Small cell lung cancer: Will recent progress lead to improved outcomes?
Small Cell Lung Carcinoma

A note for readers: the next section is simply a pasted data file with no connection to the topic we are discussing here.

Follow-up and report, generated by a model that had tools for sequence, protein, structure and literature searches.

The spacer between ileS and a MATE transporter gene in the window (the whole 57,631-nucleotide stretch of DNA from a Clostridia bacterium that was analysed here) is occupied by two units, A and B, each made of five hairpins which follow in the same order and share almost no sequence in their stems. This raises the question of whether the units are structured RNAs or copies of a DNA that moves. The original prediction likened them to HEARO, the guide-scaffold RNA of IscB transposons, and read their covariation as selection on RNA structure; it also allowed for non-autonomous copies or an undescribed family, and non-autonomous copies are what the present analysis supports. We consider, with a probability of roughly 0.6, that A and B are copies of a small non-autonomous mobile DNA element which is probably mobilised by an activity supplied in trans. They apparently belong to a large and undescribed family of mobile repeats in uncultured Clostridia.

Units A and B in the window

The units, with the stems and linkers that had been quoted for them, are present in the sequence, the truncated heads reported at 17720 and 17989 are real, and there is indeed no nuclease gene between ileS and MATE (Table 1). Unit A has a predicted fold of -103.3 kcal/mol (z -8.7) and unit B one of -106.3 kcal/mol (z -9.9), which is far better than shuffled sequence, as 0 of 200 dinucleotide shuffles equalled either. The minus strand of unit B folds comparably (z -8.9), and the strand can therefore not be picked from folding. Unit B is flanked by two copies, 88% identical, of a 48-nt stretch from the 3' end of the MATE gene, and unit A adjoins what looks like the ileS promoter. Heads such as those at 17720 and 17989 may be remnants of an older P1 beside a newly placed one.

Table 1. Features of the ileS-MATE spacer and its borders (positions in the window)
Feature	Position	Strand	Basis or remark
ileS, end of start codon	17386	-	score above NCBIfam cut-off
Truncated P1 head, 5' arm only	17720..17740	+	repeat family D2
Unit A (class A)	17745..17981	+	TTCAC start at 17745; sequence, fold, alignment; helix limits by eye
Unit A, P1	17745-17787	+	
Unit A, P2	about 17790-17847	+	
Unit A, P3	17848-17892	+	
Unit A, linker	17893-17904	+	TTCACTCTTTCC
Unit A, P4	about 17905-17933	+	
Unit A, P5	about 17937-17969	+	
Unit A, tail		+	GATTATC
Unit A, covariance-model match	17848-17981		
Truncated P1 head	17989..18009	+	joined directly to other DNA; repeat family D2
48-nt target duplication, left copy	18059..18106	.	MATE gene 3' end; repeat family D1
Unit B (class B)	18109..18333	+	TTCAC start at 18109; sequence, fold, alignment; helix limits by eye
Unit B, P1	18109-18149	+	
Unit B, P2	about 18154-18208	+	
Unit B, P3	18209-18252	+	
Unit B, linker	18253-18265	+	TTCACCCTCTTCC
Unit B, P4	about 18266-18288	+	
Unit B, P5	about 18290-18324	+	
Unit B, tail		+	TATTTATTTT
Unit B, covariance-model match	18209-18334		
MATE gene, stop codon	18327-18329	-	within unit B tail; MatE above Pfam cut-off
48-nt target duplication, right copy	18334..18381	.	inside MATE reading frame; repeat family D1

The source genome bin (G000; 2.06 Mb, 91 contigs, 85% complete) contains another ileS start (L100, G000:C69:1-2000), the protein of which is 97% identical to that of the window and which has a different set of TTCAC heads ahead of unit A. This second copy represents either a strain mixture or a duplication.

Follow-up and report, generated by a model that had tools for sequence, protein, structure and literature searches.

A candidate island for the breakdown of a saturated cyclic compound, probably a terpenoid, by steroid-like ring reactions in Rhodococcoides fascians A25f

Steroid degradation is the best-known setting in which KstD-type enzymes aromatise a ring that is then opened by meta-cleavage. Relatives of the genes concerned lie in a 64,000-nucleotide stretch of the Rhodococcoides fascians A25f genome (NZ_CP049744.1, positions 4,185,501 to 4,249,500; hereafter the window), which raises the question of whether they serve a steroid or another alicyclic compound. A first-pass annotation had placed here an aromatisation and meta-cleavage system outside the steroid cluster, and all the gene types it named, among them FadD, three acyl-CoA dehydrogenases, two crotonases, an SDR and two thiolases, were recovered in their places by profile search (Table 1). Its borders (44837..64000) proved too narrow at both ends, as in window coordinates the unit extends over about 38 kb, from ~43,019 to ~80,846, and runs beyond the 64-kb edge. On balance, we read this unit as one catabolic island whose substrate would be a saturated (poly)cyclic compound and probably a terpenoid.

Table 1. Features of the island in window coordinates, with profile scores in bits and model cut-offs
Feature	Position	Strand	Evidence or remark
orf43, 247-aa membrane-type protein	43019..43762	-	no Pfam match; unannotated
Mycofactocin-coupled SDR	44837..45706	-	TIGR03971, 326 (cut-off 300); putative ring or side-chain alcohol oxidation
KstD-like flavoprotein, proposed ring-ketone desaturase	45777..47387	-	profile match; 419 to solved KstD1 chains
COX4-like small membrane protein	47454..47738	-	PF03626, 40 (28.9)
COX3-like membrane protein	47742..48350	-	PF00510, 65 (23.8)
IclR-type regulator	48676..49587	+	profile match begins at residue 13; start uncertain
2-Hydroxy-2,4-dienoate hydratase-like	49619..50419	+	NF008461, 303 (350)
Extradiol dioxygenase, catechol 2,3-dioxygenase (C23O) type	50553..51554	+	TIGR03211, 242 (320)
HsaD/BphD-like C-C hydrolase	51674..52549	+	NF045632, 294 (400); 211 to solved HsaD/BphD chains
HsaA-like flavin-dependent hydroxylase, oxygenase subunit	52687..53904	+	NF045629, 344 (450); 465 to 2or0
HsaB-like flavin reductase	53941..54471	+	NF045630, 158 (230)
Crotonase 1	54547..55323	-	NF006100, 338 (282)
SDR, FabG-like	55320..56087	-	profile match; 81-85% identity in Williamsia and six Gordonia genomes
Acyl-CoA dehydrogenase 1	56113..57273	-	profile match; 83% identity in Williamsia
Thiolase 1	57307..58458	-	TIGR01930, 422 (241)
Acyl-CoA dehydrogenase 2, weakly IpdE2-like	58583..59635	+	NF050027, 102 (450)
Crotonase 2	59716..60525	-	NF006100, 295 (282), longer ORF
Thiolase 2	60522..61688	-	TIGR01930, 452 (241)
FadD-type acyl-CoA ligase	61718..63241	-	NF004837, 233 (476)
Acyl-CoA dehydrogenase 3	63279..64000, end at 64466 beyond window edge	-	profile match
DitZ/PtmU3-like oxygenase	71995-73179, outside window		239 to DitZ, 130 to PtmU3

Small cell lung cancer (SCLC) is an aggressive neuroendocrine malignancy with a unique natural history characterized by a short doubling time, high growth fraction, and early development of widespread metastases. Although a chemotherapy- and radiation-sensitive disease, SCLC typically recurs rapidly after primary treatment, with only 6% of patients surviving 5 years from diagnosis. This disease has been notable for the absence of major improvements in its treatment: Nearly four decades after the introduction of a platinum-etoposide doublet, therapeutic options have remained virtually unchanged, with correspondingly little improvement in survival rates. Here, we summarize specific barriers and challenges inherent to SCLC research and care that have limited progress in novel therapeutic development to date. We discuss recent progress in basic and translational research, especially in the development of mouse models, which will provide insights into the patterns of metastasis and resistance in SCLC. Opportunities in clinical research aimed at exploiting SCLC biology are reviewed, with an emphasis on ongoing trials. SCLC has been described as a recalcitrant cancer, for which there is an urgent need for accelerated progress. The NCI convened a panel of laboratory and clinical investigators interested in SCLC with a goal of defining consensus recommendations to accelerate progress in the treatment of SCLC, which we summarize here.